GENEVA—The last time the Iranians sat down with world powers to discuss their nuclear program was only six months ago, in Almaty, Kazakhstan. Today, however, as the sides resumed negotiations in Switzerland, Almaty seemed farther in the rear view than its 7,000-mile distance from the shores of Lake Geneva. The biggest change, clearly, has been the new Iranian team: Iranian president Hassan Rouhani was elected, took office, and leaned heavily into his now-famous "charm offensive." With backing for Rouhani from Iran's clerical leadership, the Iranians claimed to now be serious about reassuring the international community—led by the U.N. Security Council's five permanent members and Germany, the so-called P5+1—about the professed peaceful nature of their nuclear program, and hoped to get the touch sanctions hitting their economy eased. And world powers said they were ready to reciprocate, if Iran gave significant assurances.
Scant details emerged from the talks, but progress seemed apparent. The E.U.'s top foreign policy official's spokesperson Michael Mann told reporters as the morning plenary ended that the Iranians offered a new proposal in the form of an hour-long PowerPoint presentation. "It was very useful," Mann said.
The Iranians reacted in kind: the "reaction was good," said the Iranian Deputy Foreign Minister Abbas Araghchi, just before briefing Iranian reporters in more detail. "Even if there is no significant breakthrough in these talks, we've had progress," said the International Crisis Group Iran analyst Ali Vaez, citing discussion of an "endgame," proliferating bilateral talks, and an Iranian willingness to talk details. "But we have to wait and see until tomorrow."
As evening set in, Western and Iranian diplomats grew more effusive. A source close to the Iranian delegation told me afternoon talks were "very constructive and positive." Western delegations echoed the sentiment: the E.U.'s Mann and the U.S. State Department released nearly identical remarks about the afternoon plenary.
"For the first time," Mann said in a brief statement, "very detailed technical discussions continued this afternoon." A senior State Department official said: "For the first time, we had very detailed technical discussions, which carried on this afternoon." Both parties said talks would continue tomorrow. The brief, vague statements on "technical" talks that reached a henceforth unseen level of engagement suggested deliberations were ongoing.
The double statements coincided with news of several bilateral meetings between the Iranians and P5+1 countries. Mann announced a dinner between the E.U.'s top foreign policy official, Lady Catherine Ashton, and the Iranian Foreign Minister Mohammad Javad Zarif. An Iranian official then confirmed to journalist Laura Rozen a report in the country's semi-official press that the Iranian deputy Araghchi meeting with the top U.S. representative at talks, Undersecretary of State Wendy Sherman. "The discussion was useful, and we look forward to continuing our discussions in tomorrow's meetings with the full P5+1 and Iran," a senior State Department official later added.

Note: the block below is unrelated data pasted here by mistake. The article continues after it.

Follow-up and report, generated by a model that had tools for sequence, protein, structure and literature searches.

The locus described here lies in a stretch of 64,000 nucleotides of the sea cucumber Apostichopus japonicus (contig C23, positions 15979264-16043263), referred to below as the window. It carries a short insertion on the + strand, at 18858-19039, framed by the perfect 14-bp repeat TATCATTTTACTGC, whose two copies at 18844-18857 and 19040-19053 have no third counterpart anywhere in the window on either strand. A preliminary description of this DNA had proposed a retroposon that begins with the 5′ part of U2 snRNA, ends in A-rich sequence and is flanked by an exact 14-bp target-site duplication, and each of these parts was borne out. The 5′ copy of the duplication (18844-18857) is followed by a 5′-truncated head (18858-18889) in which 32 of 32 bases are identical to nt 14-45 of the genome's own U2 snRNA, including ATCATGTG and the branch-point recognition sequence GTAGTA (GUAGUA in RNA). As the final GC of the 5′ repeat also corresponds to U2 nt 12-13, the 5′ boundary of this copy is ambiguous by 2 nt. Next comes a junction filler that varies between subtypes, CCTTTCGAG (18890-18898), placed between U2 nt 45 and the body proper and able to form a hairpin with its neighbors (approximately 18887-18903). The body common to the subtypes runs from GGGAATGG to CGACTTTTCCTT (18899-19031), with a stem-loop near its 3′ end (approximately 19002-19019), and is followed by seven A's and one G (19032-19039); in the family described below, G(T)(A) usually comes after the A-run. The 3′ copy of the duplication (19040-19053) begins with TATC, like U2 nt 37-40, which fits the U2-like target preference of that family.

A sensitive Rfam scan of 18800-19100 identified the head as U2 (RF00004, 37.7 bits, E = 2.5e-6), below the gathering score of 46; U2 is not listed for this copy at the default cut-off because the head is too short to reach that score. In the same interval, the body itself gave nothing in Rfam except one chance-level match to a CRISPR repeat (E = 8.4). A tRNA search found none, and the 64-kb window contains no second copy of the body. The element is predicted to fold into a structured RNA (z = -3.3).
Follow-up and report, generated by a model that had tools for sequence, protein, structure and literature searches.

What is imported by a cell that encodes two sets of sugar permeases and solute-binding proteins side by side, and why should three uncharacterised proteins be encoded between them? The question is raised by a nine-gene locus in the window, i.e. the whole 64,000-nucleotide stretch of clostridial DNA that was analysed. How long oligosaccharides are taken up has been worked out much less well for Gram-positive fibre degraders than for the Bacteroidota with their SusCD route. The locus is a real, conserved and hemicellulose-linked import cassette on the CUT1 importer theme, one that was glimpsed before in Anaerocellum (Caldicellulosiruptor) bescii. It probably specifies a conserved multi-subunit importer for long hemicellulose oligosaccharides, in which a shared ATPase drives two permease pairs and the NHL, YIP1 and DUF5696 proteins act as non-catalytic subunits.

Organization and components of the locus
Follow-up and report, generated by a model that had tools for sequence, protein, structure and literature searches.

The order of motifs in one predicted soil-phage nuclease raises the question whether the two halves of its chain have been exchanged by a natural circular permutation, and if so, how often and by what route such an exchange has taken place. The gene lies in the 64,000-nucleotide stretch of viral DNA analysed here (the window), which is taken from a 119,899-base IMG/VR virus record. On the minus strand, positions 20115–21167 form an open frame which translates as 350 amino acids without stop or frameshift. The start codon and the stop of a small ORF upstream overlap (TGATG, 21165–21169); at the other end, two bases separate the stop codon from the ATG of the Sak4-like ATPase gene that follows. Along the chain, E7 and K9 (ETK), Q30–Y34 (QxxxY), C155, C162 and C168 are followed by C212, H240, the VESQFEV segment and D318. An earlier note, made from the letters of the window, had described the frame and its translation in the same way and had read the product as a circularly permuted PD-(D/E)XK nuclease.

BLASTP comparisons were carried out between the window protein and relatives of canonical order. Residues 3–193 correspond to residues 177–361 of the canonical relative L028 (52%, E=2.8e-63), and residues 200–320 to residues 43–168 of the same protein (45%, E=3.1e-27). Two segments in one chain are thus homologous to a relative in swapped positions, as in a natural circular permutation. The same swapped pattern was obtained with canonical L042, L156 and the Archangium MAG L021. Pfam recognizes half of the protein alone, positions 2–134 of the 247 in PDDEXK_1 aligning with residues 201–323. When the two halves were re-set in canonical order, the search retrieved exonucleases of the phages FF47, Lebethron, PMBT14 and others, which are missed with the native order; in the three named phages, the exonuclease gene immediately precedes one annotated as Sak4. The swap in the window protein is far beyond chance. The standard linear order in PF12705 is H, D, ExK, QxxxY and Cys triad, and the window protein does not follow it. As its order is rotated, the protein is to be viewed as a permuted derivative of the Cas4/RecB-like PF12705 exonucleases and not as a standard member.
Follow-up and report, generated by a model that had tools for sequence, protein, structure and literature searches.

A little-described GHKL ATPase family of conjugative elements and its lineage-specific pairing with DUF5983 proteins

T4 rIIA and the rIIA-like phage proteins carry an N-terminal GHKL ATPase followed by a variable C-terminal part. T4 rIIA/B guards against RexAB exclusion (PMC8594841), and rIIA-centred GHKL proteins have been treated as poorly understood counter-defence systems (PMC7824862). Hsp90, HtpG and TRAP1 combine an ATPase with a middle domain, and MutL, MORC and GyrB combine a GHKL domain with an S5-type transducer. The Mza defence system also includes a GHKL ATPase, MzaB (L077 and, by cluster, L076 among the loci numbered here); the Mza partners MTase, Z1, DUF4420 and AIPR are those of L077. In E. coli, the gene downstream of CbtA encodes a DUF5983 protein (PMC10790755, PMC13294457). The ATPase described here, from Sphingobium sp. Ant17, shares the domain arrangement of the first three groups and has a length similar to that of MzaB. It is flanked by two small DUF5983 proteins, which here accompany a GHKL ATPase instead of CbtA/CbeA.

Still, further gains are bound to come slowly. “I hope that we can agree on a road map for arriving at an agreement by Wednesday,” Zarif wrote on FaceBook on Sunday. “But even if the other side shows goodwill, agreeing on details and implementation would require another cabinet level meeting.” U.S. officials then lowered expectations themselves: “No one should expect a breakthrough overnight,” a senior administration official told reporters on the eve of talks.
That the top U.S. official present and the top Iranian present didn't meet came as no surprise: the Iranians were reportedly miffed that their top diplomat's presence at the meet wasn't matched by the U.S. Sherman, as Undersecretary for Political Affairs, is the department's third-ranked official. Secretary of State John Kerry was in meetings in London over the weekend, but flew home on Monday. But Kerry also delivered a message that diplomacy was making its way forward, and to a most unusual audience.
"Right now, the window for diplomacy is cracking open," Kerry told an an American Israeli Public Affairs Committee (AIPAC) conference by video over the weekend. "But I want you to know that our eyes are open, too," he added. Kerry was alluding to American pledges that Iran's softening rhetoric must be met by action on its nuclear program, in an apparent attempt to mollify the hawkish pro-Israel group. AIPAC has made aggressive legislating against Iran the centerpiece of its agenda.
Indeed, Israel is waging a concerted counter-charm offensive against easing sanctions on Iran—the Islamic Republic's chief goal in talks. Though Israeli Prime Minister Benjamin Netanyahu delivered a hawkish address today hinting at an Israeli willingness to attack Iran, the Jewish state, too, softened its line ahead of talks, nodding to Iran's right to a peaceful nuclear program. Netanyahu maintained his position that Iran must not be allowed to enrich nuclear material domestically. That's the line also toed by hawks in Congress, who wait in the wings of talks to enact ever-harsher measures against Iran. But events may have eclipsed the so-called "zero enrichment" policy. If progress on nuclear talks between Iran and the U.S. continues, that may be the least of the dynamics in the Middle East to be upended.